2019 has proved to be a rocky ride for investors in Land Securities Group (LSE: LAND).
During a serious share price fall that lasted from late spring to late summer, the property play slumped to its cheapest since 2012 as market makers fretted over the dual problems of falling consumer confidence and the inexorable rise of e-commerce, problems that have seen the number of bricks-and-mortar shops going out of business ballooning of late.
That said, 2019 on the whole has proved a successful one for Landsec’s share price. It’s up 17% since the turn of last January, the recovery that set in around mid-August being turbocharged more recently by the UK sidestepping the no-deal trapdoor at the end of October.
Retail redemptions rise
But can the FTSE 100 firm continue to attract significant buyer interest in 2020? It’s not outside the realms of possibility. Noted economist John Maynard Keynes famously said that “markets can stay irrational longer than you can stay solvent,” a sentiment that (in my opinion at least) explains why Landsec has risen despite a litany of poor trading updates this year.
That said, I’m confident enough to suggest that the shopping centre operator is in huge danger of seeing its share price resume its long-term downtrend in 2020. News this week that M&G has suspended its Property Portfolio fund on account of “unusually high outflows” indicates how nervousness over the health of Britain’s retailers is growing.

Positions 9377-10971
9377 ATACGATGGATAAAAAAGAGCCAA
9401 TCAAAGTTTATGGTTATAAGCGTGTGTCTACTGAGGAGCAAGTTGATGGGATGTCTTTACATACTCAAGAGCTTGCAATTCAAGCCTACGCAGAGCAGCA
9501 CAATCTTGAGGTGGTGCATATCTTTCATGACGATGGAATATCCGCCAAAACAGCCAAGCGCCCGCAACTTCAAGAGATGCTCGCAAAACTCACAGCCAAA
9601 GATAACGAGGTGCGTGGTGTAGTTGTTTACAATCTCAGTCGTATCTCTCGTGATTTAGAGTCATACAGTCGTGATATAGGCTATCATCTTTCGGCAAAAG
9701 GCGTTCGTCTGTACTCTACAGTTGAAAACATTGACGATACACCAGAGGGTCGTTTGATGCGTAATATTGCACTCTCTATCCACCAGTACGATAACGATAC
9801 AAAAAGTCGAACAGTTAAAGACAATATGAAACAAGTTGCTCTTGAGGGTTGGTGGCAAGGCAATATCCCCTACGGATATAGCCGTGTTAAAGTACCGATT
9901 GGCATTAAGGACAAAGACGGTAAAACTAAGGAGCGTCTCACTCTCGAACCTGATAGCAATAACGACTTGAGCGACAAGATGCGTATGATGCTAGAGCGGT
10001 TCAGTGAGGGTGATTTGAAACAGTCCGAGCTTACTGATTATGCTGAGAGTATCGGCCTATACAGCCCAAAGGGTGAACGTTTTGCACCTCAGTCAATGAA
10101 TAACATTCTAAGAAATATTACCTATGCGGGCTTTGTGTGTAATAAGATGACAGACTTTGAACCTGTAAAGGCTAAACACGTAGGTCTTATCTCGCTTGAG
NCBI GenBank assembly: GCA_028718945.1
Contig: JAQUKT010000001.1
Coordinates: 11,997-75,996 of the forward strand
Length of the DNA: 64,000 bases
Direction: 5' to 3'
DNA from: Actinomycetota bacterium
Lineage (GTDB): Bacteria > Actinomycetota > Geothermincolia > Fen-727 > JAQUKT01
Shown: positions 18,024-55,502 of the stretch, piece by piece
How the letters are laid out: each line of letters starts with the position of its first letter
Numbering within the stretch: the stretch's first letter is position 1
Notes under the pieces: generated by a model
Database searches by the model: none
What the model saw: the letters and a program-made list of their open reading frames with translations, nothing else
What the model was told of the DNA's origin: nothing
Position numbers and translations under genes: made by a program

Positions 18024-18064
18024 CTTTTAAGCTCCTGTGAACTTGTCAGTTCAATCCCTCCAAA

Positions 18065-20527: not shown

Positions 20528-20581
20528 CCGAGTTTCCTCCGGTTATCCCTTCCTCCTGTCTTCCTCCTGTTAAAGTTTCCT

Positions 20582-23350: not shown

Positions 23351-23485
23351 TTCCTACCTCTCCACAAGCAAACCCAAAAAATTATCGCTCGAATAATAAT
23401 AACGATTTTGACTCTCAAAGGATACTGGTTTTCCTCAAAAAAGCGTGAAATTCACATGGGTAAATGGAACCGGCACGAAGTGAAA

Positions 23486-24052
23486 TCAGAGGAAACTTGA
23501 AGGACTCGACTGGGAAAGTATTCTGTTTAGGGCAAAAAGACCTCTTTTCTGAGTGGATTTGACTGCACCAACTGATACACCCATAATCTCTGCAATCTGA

And if you think that M&G is alone in this, well think again. The Financial Times has just reported that the Aberdeen UK Property fund of Standard Life Aberdeen has been hit by a sea of withdrawals following the aforementioned suspension, with redemptions hitting £31m on Wednesday, levels that were equal to those of the previous four months combined.
Are big dividends enough?
There certainly appears to be no respite for Landsec as we move into 2020. In November’s half-year financials, it declared that “the retail market continues to be challenged as retailers adapt to structural change, rising costs and a more cautious consumer,” and announced that it had swung to a £147m pre-tax loss in the six months to September from a £42m profit a year earlier.
No wonder City analysts expect the Footsie firm’s long record of annual earnings increases to grind to a halt in the current fiscal year (to March 2020). In fact, a 1% bottom-line drop is currently forecast, and consensus suggests that things will get worse in the following year, a 3% decline being touted right now.
Despite this, though, Landsec still trades on a forward P/E ratio of 16 times, one which I consider to be too high given the high chance of analysts’ estimates being hacked back in the weeks and months ahead. Not even a chunky 5% corresponding dividend yield is enough to encourage me to invest. The property business has been defying gravity of late but I fully expect it to fall to earth with a bang sooner rather than later.
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Royston Wild has no position in any of the shares mentioned. The Motley Fool UK has recommended Landsec. Views expressed on the companies mentioned in this article are those of the writer and therefore may differ from the official recommendations we make in our subscription services such as Share Advisor, Hidden Winners and Pro. Here at The Motley Fool we believe that considering a diverse range of insights makes us better investors.